In spite of their religious and cultural differences, and the historical enmities surrounding them, Ali and Nino struggle not merely to tolerate each other, but to understand their cultural differences. An abduction nearly pulls them apart. Remember the swift, magical Golden Horse of Karabagh, in Part 2 of this essay,  forged by the wildly imaginative Armenian story teller? When Ali is told by his fiercely rigid spiritual advisor, Seyid Mustafa, that Nachararyan has betrayed Ali and abducted Nino, elemental savagery is unloosed. Here the Golden Horse of Karabagh folk tale lifts the action above the common place. Ali is given the swift, magical horse to catch up to the couple in an automobile on the rutted roads of Azerbaijan. Pursuit mates with theatrical action: the thundering sound of a galloping horse, the dance of Ali’s whip….

ALI: One enormous jump and I was out of the barracks yard!  The wonderful horse reared up and raced on! Houses passed by, villages disappeared, the wind ate at my face - like a fist!  How quickly can a car go?  How swiftly runs a Karabagh horse? (Wolf howls) I bit the horse's neck, sinking my teeth deep into his flesh! The wonderful horse raced on...and on...and on! Suddenly, I heard it. The rattling of a motor car, a white stream of light....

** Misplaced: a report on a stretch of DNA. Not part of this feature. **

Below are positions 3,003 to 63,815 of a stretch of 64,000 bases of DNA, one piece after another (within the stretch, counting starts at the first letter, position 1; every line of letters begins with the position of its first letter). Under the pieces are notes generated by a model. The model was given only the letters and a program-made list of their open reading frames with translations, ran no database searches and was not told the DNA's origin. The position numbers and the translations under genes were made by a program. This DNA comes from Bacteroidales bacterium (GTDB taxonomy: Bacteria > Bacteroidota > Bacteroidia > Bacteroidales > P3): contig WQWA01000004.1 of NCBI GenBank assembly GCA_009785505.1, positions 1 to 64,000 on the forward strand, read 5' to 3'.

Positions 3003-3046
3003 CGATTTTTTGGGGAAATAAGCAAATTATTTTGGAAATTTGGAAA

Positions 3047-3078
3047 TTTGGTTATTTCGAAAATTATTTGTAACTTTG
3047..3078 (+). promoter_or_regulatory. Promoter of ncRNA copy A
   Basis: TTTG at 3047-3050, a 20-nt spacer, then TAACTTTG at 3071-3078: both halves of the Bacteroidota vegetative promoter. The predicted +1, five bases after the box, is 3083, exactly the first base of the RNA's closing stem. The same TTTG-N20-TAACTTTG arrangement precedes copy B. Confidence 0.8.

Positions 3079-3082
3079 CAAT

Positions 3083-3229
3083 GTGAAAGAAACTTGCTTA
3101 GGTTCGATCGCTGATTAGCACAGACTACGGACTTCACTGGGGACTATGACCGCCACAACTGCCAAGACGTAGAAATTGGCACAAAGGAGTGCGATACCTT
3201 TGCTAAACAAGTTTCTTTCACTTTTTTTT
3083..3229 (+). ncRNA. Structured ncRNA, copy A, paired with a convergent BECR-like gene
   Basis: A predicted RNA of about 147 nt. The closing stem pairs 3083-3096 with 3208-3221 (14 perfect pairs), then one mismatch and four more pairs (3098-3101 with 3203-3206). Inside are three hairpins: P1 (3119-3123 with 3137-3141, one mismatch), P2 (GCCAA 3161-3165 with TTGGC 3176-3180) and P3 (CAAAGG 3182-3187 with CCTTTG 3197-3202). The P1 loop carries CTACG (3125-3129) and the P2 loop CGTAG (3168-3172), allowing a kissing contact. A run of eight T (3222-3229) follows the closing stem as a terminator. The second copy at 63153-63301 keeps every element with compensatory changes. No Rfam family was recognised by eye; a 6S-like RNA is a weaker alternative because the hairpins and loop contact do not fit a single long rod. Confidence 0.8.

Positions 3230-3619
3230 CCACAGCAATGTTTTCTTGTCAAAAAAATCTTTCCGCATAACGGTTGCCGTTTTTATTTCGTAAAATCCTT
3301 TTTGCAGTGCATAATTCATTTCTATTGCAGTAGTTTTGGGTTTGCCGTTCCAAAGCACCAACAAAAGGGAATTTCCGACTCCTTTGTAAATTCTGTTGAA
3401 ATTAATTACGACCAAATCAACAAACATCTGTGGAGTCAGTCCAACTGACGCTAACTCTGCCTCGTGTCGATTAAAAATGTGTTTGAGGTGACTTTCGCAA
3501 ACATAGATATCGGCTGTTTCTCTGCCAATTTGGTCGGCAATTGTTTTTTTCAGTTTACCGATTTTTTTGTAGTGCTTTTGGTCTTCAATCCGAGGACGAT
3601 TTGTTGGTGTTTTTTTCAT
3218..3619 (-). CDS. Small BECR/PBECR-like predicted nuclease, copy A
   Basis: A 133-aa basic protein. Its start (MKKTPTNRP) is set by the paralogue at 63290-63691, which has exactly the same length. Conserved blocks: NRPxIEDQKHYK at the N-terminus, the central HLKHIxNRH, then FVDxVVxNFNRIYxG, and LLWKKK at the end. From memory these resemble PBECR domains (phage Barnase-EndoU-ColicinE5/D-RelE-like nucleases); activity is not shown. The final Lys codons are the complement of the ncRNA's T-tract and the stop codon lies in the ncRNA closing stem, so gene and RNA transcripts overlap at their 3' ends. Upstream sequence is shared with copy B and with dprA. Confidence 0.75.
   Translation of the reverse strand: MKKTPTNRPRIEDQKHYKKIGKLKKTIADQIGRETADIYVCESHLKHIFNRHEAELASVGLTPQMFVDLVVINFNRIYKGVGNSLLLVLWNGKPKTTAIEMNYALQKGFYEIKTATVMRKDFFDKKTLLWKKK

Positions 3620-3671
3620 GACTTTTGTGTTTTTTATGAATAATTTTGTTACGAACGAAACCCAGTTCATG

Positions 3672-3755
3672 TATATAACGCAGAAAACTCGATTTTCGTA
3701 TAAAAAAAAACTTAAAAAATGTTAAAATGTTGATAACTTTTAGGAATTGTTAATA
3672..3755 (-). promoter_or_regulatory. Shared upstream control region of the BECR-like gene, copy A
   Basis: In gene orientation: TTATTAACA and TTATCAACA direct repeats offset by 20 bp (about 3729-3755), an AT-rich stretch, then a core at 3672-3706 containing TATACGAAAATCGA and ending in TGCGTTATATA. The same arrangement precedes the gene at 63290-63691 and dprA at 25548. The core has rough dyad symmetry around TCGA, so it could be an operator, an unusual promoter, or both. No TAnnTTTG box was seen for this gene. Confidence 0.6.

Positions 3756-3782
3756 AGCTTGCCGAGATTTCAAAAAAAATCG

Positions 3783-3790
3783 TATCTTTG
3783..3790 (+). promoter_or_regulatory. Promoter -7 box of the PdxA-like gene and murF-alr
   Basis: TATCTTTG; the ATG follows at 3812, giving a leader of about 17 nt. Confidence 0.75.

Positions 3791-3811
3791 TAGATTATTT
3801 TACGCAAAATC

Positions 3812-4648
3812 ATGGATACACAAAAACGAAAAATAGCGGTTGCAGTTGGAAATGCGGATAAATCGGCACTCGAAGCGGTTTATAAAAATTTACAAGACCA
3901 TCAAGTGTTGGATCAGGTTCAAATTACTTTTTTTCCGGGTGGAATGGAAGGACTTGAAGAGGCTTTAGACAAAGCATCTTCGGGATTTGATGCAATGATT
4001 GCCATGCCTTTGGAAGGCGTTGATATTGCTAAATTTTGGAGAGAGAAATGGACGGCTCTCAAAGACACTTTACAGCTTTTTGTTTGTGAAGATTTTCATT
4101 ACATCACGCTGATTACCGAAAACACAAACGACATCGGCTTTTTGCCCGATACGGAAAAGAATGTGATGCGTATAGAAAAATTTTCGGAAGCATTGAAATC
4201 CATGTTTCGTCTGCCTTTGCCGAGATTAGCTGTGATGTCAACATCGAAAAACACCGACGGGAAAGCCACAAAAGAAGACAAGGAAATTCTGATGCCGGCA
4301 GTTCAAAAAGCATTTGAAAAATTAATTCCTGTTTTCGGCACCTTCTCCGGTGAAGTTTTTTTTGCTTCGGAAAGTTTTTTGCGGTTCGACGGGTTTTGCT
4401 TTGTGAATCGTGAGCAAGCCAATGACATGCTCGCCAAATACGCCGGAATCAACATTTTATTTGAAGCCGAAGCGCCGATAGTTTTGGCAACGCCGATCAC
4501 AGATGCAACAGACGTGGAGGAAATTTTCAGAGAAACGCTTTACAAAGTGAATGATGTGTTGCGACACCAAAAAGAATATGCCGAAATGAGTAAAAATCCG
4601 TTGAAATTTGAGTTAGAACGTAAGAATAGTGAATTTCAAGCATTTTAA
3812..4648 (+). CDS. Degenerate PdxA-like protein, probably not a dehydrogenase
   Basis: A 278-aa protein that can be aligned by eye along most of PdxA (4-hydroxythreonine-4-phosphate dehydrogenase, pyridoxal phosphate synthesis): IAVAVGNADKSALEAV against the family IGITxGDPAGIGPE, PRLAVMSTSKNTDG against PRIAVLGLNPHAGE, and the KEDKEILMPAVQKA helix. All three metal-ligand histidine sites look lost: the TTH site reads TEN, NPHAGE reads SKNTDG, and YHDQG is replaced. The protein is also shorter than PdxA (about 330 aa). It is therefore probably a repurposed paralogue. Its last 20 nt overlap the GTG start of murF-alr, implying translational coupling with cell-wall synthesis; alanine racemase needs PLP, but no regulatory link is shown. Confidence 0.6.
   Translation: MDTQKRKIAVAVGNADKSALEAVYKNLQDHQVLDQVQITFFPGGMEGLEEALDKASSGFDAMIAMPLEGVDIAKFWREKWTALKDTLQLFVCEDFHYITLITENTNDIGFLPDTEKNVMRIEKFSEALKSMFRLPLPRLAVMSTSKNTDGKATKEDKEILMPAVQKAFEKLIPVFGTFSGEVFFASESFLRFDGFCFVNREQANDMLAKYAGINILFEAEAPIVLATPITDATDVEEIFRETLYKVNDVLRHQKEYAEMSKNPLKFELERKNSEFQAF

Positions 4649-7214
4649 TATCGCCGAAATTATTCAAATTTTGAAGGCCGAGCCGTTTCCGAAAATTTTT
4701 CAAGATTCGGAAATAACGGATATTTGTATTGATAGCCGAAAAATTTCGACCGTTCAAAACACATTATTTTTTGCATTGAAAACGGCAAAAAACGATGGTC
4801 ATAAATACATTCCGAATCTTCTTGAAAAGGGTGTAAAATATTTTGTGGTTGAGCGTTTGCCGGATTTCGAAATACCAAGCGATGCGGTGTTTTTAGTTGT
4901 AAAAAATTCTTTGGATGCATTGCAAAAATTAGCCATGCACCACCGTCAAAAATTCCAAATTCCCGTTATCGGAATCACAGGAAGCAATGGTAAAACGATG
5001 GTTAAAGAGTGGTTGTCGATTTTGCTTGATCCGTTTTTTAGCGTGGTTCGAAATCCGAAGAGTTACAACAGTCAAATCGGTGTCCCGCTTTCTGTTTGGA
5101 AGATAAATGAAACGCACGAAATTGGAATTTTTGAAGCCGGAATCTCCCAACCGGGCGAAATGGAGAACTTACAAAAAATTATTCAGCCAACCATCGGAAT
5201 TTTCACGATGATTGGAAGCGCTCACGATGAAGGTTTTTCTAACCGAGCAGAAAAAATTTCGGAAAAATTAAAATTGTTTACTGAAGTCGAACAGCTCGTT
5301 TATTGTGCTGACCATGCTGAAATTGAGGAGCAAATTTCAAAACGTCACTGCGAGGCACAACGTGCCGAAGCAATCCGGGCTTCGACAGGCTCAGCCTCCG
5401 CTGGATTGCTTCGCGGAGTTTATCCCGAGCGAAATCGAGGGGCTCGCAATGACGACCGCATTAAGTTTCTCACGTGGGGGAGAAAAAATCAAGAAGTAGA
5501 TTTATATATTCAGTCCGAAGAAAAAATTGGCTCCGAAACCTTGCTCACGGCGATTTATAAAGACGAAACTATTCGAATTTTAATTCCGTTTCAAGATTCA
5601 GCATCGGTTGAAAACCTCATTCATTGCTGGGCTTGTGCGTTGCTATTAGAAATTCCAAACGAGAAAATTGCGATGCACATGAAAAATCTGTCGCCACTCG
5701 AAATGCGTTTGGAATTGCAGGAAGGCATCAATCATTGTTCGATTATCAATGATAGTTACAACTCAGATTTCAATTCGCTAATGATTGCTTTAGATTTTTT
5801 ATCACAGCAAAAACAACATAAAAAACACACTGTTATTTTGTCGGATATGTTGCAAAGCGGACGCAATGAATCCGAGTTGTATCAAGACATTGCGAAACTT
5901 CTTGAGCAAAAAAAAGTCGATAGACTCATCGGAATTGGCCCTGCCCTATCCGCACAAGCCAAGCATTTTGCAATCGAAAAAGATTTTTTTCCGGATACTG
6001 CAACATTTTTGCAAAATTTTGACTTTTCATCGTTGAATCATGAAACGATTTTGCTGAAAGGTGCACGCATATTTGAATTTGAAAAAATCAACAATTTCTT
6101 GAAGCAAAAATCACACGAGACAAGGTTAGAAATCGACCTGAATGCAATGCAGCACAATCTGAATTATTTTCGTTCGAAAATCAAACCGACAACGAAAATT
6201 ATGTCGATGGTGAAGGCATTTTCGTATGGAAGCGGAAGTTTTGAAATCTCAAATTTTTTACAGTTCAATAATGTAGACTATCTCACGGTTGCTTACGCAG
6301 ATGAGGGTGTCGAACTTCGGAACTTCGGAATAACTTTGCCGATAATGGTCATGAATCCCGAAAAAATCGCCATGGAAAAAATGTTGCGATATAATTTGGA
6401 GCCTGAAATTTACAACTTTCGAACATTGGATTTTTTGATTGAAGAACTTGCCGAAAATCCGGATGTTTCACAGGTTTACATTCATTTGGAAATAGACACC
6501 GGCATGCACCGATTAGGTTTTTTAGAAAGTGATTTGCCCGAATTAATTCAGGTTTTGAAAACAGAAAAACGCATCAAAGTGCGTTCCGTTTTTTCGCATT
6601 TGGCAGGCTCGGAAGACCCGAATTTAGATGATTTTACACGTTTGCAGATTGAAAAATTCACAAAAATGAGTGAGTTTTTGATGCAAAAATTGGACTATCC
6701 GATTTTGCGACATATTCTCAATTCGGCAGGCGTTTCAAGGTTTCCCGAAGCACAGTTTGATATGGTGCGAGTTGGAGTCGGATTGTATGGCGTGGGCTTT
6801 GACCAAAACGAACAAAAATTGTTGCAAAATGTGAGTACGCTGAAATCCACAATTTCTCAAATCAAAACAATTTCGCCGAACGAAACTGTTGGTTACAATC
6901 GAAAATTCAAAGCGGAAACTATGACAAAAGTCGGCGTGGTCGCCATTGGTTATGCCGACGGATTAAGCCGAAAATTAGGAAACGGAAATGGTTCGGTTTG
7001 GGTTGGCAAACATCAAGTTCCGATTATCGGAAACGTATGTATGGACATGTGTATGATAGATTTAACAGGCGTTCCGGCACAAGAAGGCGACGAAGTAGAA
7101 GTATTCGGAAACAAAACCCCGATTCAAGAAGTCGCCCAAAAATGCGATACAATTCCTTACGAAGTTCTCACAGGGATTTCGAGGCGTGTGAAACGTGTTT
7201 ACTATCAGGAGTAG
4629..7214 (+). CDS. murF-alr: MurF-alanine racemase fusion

(ALI leaps off the "horse", cocks his gun. Aims, fires. Tire blows out like a deflated toy balloon.  ALI throws the weapon away.  Draws his dagger .  NACHARARYAN holds a gun in the light, trembling.  ALI throws his dagger.  NACHARARYAN screams. His fingers spread, covered with blood. ALI jumps on NACHARARYAN, wraps his legs around his body.  Sinks his teeth into his neck.  NACHARARYAN cries out, a long, thin wail- like a dying wolf. His face turned up to the cold, dead moon. ALI hesitates, stabs him with the dagger. A lingering silence.)

ALI (with profound sadness): My blood or his? What difference does it make?

SEYID MUSTAFA (holding Nino tight): What's to be done with this woman? Her life belongs to you. Take it, or spare it.  The Law permits either.

MAMMAD HEYDAR: Kill her, Ali Khan!

ILYAS BEY: We'll throw her body into the sea...

(NINO'S face frozen in the moonlight.)